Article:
Proudly Indigenous Crafts & Designs (PIC&D) XpoNorth Presentation from Janelle Kennedy (15) When did seal fur become popular? (2/22/2021) - A 4000 years old tradition Traditional Inuit clothing was designed out of necessity — to survive the harsh climate that was a stark reality for the Inuit people. The women, knowing it was essential to keep their community warm and protected from the elements made coats, trousers, mittens and boots. These articles were made mostly… Continue Reading
Proudly Indigenous Crafts & Designs (PIC&D) What is the Ulu used for? (2/15/2021) - What is an Ulu? When I travelled to Europe with Inuit crafters, I quickly learned the importance of a unique tool I had never seen before, the ulu, a beautifully shaped all purpose knife. A beautiful handle of bone, antler or wood (sometimes painted with beautiful designs), paired with a unique blade of metal (years… Continue Reading
Proudly Indigenous Crafts & Designs (PIC&D) Sealing, a Blue Activity? (1/15/2021) - Sealing, a Blue Activity?   According to the World Bank, the "Blue Economy" is the "sustainable use of ocean resources for economic growth, improved livelihoods, and jobs while preserving the health of ocean ecosystem." Seal products are the perfect example of a Blue Activity.  In addition to provide food for local human consumption, sealing allows Northern Indigenous communities to take part in… Continue Reading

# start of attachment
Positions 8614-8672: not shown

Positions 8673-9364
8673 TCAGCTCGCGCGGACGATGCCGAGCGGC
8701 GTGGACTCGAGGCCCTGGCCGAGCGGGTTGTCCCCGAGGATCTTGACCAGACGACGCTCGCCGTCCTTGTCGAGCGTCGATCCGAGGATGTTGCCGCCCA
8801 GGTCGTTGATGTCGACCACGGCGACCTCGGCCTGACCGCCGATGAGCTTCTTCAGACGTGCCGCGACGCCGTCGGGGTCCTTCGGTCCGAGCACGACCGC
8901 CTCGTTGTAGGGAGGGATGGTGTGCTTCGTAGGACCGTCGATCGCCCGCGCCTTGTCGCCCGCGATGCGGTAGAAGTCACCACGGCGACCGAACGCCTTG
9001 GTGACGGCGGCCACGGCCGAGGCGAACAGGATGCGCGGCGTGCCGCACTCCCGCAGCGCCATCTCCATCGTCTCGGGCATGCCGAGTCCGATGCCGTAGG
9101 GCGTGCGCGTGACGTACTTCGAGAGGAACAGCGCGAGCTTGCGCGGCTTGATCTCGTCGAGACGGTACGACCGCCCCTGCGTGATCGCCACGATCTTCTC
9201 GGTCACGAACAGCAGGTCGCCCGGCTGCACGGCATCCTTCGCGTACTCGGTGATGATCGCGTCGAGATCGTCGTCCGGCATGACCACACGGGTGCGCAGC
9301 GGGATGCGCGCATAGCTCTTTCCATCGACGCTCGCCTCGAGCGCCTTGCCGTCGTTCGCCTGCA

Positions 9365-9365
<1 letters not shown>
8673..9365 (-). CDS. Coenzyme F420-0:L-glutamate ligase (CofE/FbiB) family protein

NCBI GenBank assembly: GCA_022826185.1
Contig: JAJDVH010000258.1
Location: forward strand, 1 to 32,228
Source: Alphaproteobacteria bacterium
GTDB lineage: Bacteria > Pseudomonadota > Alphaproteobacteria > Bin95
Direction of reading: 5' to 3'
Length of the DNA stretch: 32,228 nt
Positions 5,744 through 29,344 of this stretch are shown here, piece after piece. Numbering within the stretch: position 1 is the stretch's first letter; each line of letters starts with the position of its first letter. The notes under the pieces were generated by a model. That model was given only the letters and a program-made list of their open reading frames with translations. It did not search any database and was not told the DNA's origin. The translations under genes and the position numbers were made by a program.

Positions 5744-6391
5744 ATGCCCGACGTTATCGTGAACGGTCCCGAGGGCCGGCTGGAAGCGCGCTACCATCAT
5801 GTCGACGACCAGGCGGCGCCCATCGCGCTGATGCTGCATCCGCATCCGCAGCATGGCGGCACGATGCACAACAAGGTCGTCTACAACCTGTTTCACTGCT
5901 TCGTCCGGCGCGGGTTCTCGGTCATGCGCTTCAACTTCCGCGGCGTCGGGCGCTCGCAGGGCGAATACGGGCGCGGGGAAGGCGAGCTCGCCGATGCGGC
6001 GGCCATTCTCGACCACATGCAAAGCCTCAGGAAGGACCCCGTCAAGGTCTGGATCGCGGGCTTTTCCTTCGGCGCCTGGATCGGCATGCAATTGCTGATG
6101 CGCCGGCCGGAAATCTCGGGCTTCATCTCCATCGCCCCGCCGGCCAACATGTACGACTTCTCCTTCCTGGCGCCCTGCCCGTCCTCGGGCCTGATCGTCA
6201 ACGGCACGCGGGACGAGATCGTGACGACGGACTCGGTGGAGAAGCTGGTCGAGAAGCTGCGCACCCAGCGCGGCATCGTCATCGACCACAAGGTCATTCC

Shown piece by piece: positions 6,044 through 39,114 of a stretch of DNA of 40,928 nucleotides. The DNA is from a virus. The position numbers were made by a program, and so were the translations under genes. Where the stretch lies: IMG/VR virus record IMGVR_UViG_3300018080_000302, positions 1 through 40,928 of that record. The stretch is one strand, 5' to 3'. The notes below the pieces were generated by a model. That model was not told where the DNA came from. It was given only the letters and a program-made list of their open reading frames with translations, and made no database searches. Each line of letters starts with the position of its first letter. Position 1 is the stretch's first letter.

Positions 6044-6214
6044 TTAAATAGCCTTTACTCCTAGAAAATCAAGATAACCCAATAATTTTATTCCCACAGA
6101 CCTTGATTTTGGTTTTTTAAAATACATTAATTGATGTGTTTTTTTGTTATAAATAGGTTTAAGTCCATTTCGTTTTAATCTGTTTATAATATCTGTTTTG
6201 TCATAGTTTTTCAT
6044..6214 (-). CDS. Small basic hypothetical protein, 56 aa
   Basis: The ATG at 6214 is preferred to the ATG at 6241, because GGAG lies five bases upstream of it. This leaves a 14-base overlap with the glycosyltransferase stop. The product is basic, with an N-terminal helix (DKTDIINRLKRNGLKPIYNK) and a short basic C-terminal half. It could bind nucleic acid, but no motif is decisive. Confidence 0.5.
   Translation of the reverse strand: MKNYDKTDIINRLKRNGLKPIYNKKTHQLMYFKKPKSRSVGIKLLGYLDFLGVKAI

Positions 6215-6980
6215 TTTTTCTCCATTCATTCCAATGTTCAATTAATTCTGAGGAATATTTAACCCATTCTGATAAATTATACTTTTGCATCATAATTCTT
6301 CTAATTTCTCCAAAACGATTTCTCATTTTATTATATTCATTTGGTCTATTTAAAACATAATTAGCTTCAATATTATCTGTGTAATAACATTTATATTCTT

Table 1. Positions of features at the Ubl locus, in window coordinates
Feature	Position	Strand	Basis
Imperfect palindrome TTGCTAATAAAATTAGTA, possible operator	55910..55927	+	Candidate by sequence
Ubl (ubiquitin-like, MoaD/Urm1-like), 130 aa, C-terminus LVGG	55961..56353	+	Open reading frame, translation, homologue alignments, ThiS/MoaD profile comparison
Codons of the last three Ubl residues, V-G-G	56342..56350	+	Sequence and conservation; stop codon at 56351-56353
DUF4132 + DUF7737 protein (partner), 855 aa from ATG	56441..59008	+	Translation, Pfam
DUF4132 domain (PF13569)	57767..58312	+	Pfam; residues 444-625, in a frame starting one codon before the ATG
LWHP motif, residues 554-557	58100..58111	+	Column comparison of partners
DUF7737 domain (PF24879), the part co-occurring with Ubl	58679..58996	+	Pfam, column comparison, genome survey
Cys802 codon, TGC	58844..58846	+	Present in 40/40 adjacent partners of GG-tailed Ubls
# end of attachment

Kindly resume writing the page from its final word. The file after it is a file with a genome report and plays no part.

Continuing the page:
Proudly Indigenous Crafts & Designs (PIC&D) People of the Seal People of the Seal (1/12/2021) - Canadian Inuit and other Indigenous communities have a deep sealing tradition. Seals have long provided a consistent source of densely nutritious meat. The pelts are used for clothing and shelter. Seal oil is consumed and used a source of fuel and light. The seal hunt was and is a cultural cornerstone for many residents of… Continue Reading
Proudly Indigenous Crafts & Designs (PIC&D) Inuujaq Leslie Fredlund Inuujaq Leslie Fredlund’s Maybe Somewhere grows despite launching just before pandemic (8/13/2020) - When Rankin Inlet’s Inuujaq Leslie Fredlund decided she was going to open her store selling Indigenous-made products at the beginning of 2020, she knew there would be challenges ahead. But not even she could have expected a global pandemic that would bring the local economy to a grinding halt. “It was the summer of 2019… Continue Reading
Julie-Alivaktuk-Pikulu Designs-scaled Pikulu Designs (5/28/2020) - Julie Alivaktuk (Pikulu Designs) is a contemporary seamstress, working primarily in hand-made seal skin products. From Pangnirtung, Nunavut, Julie’s work weaves the beauty of her natural surroundings with modern design to create thoughtful and unique pieces. Working alongside her mother from a young age, Julie’s practice remains intricately rooted in family tradition and culture. A… Continue Reading
Seal Fur & Seal Skin Products Concordia artist-in-residence builds a sealskin spacesuit (4/24/2019) - When Jesse Tungilik was a child, his mother made him traditional caribou hunting clothes. While wearing the bulky, heavy handmade outfit, he often imagined that he was in a spacesuit. “That memory stuck with me when I heard about this opportunity here at Concordia, with its future-themed focus, and the two ideas met in the… Continue Reading